Clowning round ...Again !

This is the place for Technical Tips, Questions and Answers.

Clowning round ...Again !

Postby Richard Coombs » 28 Jun 2018, 22:27

Just finished a new Joey the Clown.

Face started in Autumn 2016.
Some of the costume begun during 2017.

Project then set aside for the 'big' Booth Build.

Came back to it at the start of this week.
Here he is :

Image

As always , a gallery of the build on Flickr:

https://www.flickr.com/photos/rkcpuppet ... 9227352255
User avatar
Richard Coombs
Joey's Jewels
Joey's Jewels
 
Posts: 864
Joined: 16 Aug 2006, 09:42
Location: Lichfield Staffs UK

Re: Clowning round ...Again !

Postby Nick Jackson » 01 Jul 2018, 18:58

Another beautiful creation, Richard. I've just looked at the build on your Flickr. I notice that you build up the head from lots of small pieces. Is there a particular reason you do this, rather than starting with a block? Certainly works – the result is superb.
User avatar
Nick Jackson
Hot Dog
Hot Dog
 
Posts: 377
Joined: 21 Aug 2006, 23:32

Re: Clowning round ...Again !

Postby Richard Coombs » 02 Jul 2018, 12:44

Just the way I prefer to do it Nick.

I don't own any chisels ...I don't like em.
My original method was glueing together plywood slices with different profiles ( a bit like a popular 3-D cardboard sculpture puzzle popular in the 80s and 90s)

This changed to cutting out separate facial features in pine and assembling a face that way.

Currently I make the front of a head ( very much the facial 'mask' ) out of a solid block of Lime.
But as you can see , I cut this face down into its component parts and shape and sand each bit individually before reassembling .


Its slow and fiddly work ..but I don't think its any more so than carving a complex head with chisels .
Obviously a lathe turned head with only basic eye and mouth features chiselled in afterwards and a separate nose pegged on is going to be the simplest and fastest way to work.
But this is not a method that appeals to me or my aversion to chisels .

So for me its Lime for the face , and any wood I have to hand ( Ply or Pine ) for the sides and back of the head.

The side sections have no 'middle' so the head is hollow .
Even the back piece can be drilled and sanded out before glueing on .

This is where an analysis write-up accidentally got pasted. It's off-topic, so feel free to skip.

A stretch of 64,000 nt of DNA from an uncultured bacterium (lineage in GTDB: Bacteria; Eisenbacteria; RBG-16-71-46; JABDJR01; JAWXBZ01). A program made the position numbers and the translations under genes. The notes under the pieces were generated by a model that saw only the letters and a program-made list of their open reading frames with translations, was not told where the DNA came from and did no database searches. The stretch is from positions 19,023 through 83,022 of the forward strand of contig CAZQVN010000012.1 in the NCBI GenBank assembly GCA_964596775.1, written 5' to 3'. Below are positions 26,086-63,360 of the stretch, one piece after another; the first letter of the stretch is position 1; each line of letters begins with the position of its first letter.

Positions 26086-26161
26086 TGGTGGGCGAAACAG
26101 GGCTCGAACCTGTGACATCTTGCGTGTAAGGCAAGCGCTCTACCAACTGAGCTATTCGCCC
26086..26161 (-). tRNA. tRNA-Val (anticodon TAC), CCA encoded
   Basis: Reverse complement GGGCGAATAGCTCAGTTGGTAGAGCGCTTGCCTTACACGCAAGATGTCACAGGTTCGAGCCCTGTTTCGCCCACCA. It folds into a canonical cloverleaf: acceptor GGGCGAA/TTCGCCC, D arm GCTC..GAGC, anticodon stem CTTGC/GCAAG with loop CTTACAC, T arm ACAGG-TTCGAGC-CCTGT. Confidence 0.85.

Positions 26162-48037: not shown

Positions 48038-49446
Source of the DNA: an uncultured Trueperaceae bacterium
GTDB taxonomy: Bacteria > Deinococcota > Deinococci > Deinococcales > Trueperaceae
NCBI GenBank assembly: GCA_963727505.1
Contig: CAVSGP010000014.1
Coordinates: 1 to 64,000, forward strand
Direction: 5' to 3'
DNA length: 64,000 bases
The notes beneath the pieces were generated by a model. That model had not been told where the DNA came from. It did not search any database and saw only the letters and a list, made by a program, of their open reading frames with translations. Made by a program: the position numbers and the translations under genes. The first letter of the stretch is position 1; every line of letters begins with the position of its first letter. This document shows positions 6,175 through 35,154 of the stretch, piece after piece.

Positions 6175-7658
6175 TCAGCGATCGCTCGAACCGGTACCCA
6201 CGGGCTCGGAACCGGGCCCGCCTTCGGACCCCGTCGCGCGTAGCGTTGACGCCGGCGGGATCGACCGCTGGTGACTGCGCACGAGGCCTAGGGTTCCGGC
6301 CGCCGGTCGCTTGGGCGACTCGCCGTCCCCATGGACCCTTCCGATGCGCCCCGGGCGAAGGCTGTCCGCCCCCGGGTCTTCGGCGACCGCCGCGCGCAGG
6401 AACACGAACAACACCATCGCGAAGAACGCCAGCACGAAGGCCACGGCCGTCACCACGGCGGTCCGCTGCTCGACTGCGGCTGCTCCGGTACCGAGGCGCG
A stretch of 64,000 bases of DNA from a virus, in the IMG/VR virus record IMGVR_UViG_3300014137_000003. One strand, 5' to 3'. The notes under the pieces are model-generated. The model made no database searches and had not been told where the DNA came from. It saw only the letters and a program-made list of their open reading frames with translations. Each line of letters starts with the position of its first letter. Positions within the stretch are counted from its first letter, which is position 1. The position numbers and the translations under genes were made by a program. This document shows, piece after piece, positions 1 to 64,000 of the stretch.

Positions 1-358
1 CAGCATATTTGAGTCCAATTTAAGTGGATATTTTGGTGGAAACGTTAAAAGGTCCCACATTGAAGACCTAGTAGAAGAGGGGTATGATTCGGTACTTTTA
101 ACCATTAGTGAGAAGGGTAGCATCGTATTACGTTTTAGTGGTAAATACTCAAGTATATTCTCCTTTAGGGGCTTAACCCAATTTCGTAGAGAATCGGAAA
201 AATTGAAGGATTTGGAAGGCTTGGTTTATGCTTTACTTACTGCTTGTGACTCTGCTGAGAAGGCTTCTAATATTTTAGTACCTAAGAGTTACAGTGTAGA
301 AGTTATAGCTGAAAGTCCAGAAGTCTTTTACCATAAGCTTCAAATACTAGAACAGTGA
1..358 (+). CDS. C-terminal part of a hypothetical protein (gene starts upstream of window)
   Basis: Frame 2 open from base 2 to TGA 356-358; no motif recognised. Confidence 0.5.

So although some of my puppet heads are large , they are actually relatively light.
This is fortunate as the body and costume work on my figures is often weighty ... if my heads were heavy also then the puppets would be too heavy to use properly.
But this is not the case.

Whichever stage of my woodwork evolution I have been at , the necks of my figures have always been made separately from the head.
PVA glue is so strong , I have never knocked a head off a neck - yet- !

Other bits of the head making have changed over the years , but the necks have always remained as plywood slices with the oval finger hole removed first then glued together to form a tower .
I use two fingers in the neck of the puppet , so the only way to make the finger hole in a solid block of wood would require two holes auguring out next to each other , then cleaning up the bits in-between with a long chisel.
And like I said ..I don't do chisels.


The whole method seems to be constantly developing - a kind of 'work in progress' .
Although I do feel in the last few years since discovering how nice Lime is to work with , that I have pretty much settled on a method I enjoy and that is right for me.

Of course Lime is dearer than Ply or Pine , so not using it for the parts of the head so often covered by hair or hats, means that my little stash of Limewood will eek out to make more heads.


Hope that clears up any questions.

All the Best
Richard
User avatar
Richard Coombs
Joey's Jewels
Joey's Jewels
 
Posts: 864
Joined: 16 Aug 2006, 09:42
Location: Lichfield Staffs UK

Re: Clowning round ...Again !

Postby Nick Jackson » 02 Jul 2018, 14:23

Hello Richard,
Thank you so much for replying in such detail.
I really might just try some of what you've suggested.
Am currently looking at a large block of lime and a large block of gelutong – should be able to get around eight heads out of each. Very kind techie at the college where I teach, is letting me loose in his workshop so I can chop them up and use his column drill for the finger holes.
Then it's back to my shed with rasps and Dremel!
Thanks again, Richard.
User avatar
Nick Jackson
Hot Dog
Hot Dog
 
Posts: 377
Joined: 21 Aug 2006, 23:32


Return to Punch Workshop

Who is online

Users browsing this forum: No registered users and 3 guests

cron